Intro to the 09 Season, SilverStar, North Cascades, Washington

It’s July of 2009, and as I strap into my splitboard and look back at my 30-mile traverse through some of the most gnarly terrain I’ve ever experienced, I think about how far I’ve come. Below me, lies a wild, 55-degree chute that I hope will constitute yet another first descent I’ve completed this season. I grip my ice axe, and I wonder which reality is worse– that one false turn will send me tumbling 1500’ to my death, or the fact that this possibility no longer intimidates me as it used to. The 2009 Touring Season, which I’m just now wrapping up, has been a wild one, filled with close calls and epic lines, but to understand how I ended up poised at the mouth of the chute described above, you’ve got to take a look at my season from the beginning. Of course, going back to my original days of gaperdom (we’ve all got ‘em, after all) would really give you the full perspective, but let’s start out with one of my first seasonal pursuits o’ pow-pow… back to January of this year.

The 2008 calendar year ended with a solid week of storms, and snow totals well above 100 inches in the PacNW. But January brought rain, and lots of it. Rivers swelled, snowpack melted, and floods and then sunshine ensued. While the whole Cascade Range felt the toll of this less than pleasant weather, I was determined to find powder somewhere, and sought my salvation at high elevations deep in the Northeastern Cascades. After a long drive, a buddy and I found ourselves sleeping beneath the bright stars that illuminated our objectives—the picturesque Silver Star Mountain, and its glacier bearing the same moniker.

A semi full moon lights the way as we head towards our objective

A semi-full moon lighting our way as we approach our objective
To the backdrop of a semi-full moon and glorious alpenglow, we began our mid-winter skin up. Skinning in winter has its own batch of weather-related challenges not associated with spring or summer travel– 15 hours of darkness per day are conducive to long periods of sleep, but not to overly aggressive skin lines. Nonetheless, ever hopeful, we began to trudge toward our intended goal. Sadly, any hopes for powder faded as we skinned through pillow-lines that had been frozen from the more expected and characteristic fluffy consistency, to a rock-hard jungle of ice. 3,000’ below our objective, we set up base camp, where I was psyched to test out my new Golite tent and zero-degree bag. Cozy and warm in said pristine gear, Dan and I got some much-needed rest.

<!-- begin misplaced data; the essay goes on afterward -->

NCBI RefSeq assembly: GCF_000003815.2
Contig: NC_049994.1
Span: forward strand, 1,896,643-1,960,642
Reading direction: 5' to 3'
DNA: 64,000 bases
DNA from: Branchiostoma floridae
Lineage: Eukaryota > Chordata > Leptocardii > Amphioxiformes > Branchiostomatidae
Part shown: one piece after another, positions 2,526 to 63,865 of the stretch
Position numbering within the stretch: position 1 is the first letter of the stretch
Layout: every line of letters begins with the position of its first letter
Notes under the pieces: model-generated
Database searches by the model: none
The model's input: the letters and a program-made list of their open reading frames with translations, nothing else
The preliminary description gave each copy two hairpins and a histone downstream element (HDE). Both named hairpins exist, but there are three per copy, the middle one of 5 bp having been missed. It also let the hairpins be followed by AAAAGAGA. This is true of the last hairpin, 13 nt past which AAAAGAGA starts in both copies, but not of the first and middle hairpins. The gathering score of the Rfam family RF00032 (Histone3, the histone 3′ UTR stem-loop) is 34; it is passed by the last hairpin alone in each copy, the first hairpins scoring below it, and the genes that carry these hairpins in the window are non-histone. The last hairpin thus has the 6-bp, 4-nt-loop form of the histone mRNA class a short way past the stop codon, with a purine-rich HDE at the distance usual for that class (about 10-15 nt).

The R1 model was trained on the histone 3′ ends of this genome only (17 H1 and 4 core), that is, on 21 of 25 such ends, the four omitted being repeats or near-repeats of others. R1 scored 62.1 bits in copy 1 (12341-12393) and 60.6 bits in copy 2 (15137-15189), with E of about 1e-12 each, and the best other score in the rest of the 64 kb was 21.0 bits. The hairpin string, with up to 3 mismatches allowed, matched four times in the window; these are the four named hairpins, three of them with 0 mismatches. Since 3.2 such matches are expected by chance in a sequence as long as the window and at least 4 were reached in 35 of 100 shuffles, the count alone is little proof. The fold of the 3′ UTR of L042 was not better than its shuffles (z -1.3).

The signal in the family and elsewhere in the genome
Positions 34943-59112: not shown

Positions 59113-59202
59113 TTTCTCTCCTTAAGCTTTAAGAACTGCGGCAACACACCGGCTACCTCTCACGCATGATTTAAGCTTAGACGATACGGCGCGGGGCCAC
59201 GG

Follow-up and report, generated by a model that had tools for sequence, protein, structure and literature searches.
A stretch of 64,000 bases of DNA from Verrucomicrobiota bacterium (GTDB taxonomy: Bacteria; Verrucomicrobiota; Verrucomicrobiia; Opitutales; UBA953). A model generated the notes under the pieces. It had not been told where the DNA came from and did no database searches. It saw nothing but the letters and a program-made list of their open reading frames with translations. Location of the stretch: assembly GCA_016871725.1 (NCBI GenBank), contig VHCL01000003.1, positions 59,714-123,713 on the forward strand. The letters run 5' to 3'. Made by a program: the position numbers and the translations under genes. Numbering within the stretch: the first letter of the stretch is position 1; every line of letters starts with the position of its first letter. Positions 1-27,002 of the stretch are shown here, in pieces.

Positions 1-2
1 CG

In the morning, the characteristic darkness of the Northwest winter was augmented by Silver Star’s strategic obscuring of the sunrise, but we had a beautiful view for our morning coffee and boot defrosting, as the sky was ablaze with a brilliant reddish tint. I was struck at this moment by the independence you feel when you’re the only ones in a massive place and the only sounds are your own echoes off of canyon walls or the occasional thumping of a chopper’s blade overhead, shuttling heli-skiers deep into the North Cascades.

Dan Taking a moments Rest in the High Alpine of Silver Star
Dan looking towards our new objective in the High Alpine
Our morning was riddled with cliffs and glacier-carved terrain, until finally we reached variable powder—one foot deep in some places, and solid ice in others. We had hoped for turns on Silver Star Glacier but upon arriving found that our would-be powder was in fact nothing more than wind-scoured blue ice. Opting to retrace our steps, we returned instead to a few chutes that looked to be in much better condition. Luckily, our ascent to the northeast began revealing endless possibilities with much skiable terrain. Our chosen chute varied in width from five to twenty feet, and we became excited as our feet punched deep into the snowpack while climbing it. Pumped full of adrenaline, we straight-lined the chute’s firm powder then dropped down for some wider, deeper turns on the apron and through the alpine into open glades. Our ascent took six hours, our descent less than half of one—a good temporal trade.

Our new objective on the left hand side


Heading up the gut of our new objective the Aptly named Middle Finger Chute


Strapped in and ready to tackle our new objective


1500 feet so far and its still delivering on wind effected Pow turns


Once back at basecamp, we packed up our beloved tent and belongings and began the remaining 3000’ vert to the car. While a creek bed is the most direct path down, it isn’t always the smartest route. As we lingered on the Eastern side of the creek, the terrain steepened and the drainage quickly became a canyon. It turned out that we needed to boot pack up the Canyon walls and traverse into the dense forest, where we bushwhacked to the car, using the roaring of the nearby creek as a means of auditory orienteering. Exhausted but happy, we celebrated the accomplishment of our now-revised goal—tackling something large and remote, deep in the North Cascades. Sliver Star itself would have to be another trip.

Kyle Miller



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